Wastewater and sewage floods Innisfil homes and the town's synagogue
BARRIE -- Wastewater flooded homes and buildings in Innisfil during a major storm over the weekend, damaging everything in sight.
Inside the basement of the Innisfil Tent City Synagogue, cleanup crews in hazmat suits and masks were busy removing the soiled mess on Wednesday.
Witnesses tell CTV Barrie that two and a half metres of sewage filled the lower level of the synagogue. There is no word if any valuable materials were lost.
The president of the synagogue's congregation says he hopes insurance will cover the costs, with any shortfalls being paid for by the town.
"It is just devastating," Innisfil Mayor Lynn Dollin says. "Our customer service staff was open all weekend, trying desperately to get in touch with people because there's the synagogue, but there's seasonal residents too."
Feces and human waste is floating in Carol Griffith's basement and in the basements of several neighbours after they flooded Saturday morning.
The Town of Innisfil blames significant rainfall, and the frozen ground for causing a strain on the water treatment system; resulting in wastewater flowing back into the homes on St. John's Road and 6th line.
Griffith's family spent the weekend cleaning the mess. "This is unacceptable," she states. "Twenty-two years, never a problem."
Restoration crews were in the home on Monday, trying to remove furniture, carpet and appliances that were damaged; more than 48 hours after wastewater started pouring out of toilets, showers and sinks.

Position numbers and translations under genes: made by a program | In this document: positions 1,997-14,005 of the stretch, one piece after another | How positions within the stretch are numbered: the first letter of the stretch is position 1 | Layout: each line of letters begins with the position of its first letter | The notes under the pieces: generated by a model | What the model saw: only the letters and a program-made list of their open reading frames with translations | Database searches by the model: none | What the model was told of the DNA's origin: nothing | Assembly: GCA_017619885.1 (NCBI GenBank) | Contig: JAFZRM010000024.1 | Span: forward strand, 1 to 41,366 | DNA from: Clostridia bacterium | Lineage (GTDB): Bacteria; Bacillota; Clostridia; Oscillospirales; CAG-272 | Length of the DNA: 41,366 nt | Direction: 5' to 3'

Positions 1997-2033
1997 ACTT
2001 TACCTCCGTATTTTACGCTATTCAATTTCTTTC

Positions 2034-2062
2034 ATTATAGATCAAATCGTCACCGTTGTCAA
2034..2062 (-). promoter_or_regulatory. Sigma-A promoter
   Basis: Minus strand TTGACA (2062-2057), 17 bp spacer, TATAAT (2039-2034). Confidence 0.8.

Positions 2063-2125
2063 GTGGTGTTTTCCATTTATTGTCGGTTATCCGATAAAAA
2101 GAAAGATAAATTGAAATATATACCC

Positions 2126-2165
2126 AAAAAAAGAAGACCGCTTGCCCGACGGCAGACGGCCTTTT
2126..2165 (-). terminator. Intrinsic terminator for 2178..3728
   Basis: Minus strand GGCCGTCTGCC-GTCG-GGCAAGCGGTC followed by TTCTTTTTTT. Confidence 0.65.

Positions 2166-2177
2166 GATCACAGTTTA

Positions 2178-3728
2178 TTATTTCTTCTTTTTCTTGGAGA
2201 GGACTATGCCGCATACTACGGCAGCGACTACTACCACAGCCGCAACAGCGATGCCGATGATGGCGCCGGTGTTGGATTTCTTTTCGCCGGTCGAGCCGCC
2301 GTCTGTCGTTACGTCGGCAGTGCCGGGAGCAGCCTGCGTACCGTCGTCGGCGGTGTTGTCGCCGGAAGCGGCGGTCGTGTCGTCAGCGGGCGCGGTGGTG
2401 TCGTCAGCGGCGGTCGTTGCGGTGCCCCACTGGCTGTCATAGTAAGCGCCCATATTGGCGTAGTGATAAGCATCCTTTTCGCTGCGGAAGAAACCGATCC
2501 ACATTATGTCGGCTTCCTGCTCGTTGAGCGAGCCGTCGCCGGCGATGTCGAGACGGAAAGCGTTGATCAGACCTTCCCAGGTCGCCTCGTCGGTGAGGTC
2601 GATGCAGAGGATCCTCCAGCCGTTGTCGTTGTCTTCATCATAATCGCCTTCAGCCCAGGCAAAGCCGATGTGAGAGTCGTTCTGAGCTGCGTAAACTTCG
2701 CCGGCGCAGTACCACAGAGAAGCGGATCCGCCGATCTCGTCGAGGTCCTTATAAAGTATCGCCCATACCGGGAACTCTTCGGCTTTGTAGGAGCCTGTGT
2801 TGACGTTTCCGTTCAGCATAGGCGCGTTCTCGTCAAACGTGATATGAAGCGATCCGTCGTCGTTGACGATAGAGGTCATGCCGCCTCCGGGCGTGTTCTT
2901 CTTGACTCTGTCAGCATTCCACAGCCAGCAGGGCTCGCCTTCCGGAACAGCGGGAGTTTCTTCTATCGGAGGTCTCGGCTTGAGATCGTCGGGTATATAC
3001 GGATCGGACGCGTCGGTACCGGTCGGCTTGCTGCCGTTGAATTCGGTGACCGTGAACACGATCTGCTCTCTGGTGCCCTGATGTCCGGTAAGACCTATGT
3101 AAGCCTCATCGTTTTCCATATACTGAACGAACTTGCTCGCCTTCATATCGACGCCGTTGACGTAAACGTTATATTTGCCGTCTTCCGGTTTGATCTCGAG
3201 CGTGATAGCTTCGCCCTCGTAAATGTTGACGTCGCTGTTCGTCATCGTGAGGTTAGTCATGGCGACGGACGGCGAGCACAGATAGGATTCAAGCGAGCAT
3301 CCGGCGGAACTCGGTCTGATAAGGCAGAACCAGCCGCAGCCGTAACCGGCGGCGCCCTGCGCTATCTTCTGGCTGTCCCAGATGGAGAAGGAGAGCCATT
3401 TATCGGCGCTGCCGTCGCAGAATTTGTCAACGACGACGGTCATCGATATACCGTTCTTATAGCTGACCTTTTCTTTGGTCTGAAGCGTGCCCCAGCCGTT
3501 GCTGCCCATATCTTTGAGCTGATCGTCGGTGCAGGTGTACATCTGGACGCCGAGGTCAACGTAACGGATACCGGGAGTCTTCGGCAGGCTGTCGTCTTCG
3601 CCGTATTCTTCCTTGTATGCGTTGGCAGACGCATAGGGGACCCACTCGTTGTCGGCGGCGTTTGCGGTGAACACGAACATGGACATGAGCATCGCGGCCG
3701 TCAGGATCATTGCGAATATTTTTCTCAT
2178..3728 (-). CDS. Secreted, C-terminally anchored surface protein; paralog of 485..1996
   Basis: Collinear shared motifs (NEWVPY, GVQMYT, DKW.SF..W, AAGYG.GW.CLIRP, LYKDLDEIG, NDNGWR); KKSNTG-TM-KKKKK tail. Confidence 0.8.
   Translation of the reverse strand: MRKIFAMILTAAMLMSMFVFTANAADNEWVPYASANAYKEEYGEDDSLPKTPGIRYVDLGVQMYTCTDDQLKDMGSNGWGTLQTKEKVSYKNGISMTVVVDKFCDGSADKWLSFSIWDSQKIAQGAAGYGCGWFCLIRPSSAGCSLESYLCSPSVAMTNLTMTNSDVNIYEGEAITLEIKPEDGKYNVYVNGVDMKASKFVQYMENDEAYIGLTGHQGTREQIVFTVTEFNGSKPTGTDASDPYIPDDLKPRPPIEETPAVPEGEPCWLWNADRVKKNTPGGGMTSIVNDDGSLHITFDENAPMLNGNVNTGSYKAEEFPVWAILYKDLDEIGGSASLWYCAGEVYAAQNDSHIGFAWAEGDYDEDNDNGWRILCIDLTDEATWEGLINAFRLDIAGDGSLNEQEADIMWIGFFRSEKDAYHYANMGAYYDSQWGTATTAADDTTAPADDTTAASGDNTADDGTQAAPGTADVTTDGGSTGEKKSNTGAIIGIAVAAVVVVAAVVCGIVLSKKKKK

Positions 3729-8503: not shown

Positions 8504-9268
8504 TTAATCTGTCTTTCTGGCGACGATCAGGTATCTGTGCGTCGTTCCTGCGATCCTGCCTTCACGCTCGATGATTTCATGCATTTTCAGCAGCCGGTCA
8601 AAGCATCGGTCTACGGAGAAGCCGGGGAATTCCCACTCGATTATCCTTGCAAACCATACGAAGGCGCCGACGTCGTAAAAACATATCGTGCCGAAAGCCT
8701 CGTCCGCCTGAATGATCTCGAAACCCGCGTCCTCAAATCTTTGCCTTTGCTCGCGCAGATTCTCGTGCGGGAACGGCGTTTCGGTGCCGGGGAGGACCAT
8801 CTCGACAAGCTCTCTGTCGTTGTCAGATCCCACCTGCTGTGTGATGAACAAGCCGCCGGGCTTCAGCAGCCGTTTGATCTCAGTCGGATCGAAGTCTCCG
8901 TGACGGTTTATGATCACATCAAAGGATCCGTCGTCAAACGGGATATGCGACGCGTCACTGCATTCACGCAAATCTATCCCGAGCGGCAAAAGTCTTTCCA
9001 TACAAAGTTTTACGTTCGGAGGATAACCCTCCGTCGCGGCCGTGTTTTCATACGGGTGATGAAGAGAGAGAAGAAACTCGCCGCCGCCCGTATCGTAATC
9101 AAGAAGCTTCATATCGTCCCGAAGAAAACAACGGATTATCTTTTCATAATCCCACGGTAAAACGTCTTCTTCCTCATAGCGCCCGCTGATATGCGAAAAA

Walter Malcolm, president of InnServices, says crews were quick to respond.
"We're sympathetic to the residents. This was a tragic event that happened." Malcolm says 65 millimetres of rain fell over the weekend. "This is an extreme climate change weather event that occurred... It was a huge downpour of water that came down at one time."
But Griffith isn't buying the town's response, saying the town's pumping station had issues and pushed all the sewage back into nearby homes.
"They told me straight out on the phone - the gentleman - that the plant itself overflowed and flooded out," she says.
"We're looking at every entrance into that pumping station. Where it came from, because this is groundwater that is infiltrating the sanitary sewer where it shouldn't be in the first place," Mayor Dollin adds.
Mitch Schaub of PuroClean worked alongside a crew cleaning floors and walls and removing damaged property in several homes.
"At the bottom step, stairs going down into the basement, that's how high it was, and it was sewage," he explains.
Residents say sump pumps seized up, and furnaces stopped working. They expect hundreds of thousands of dollars in claims, with some saying their insurance companies say they won't likely cover any future claims.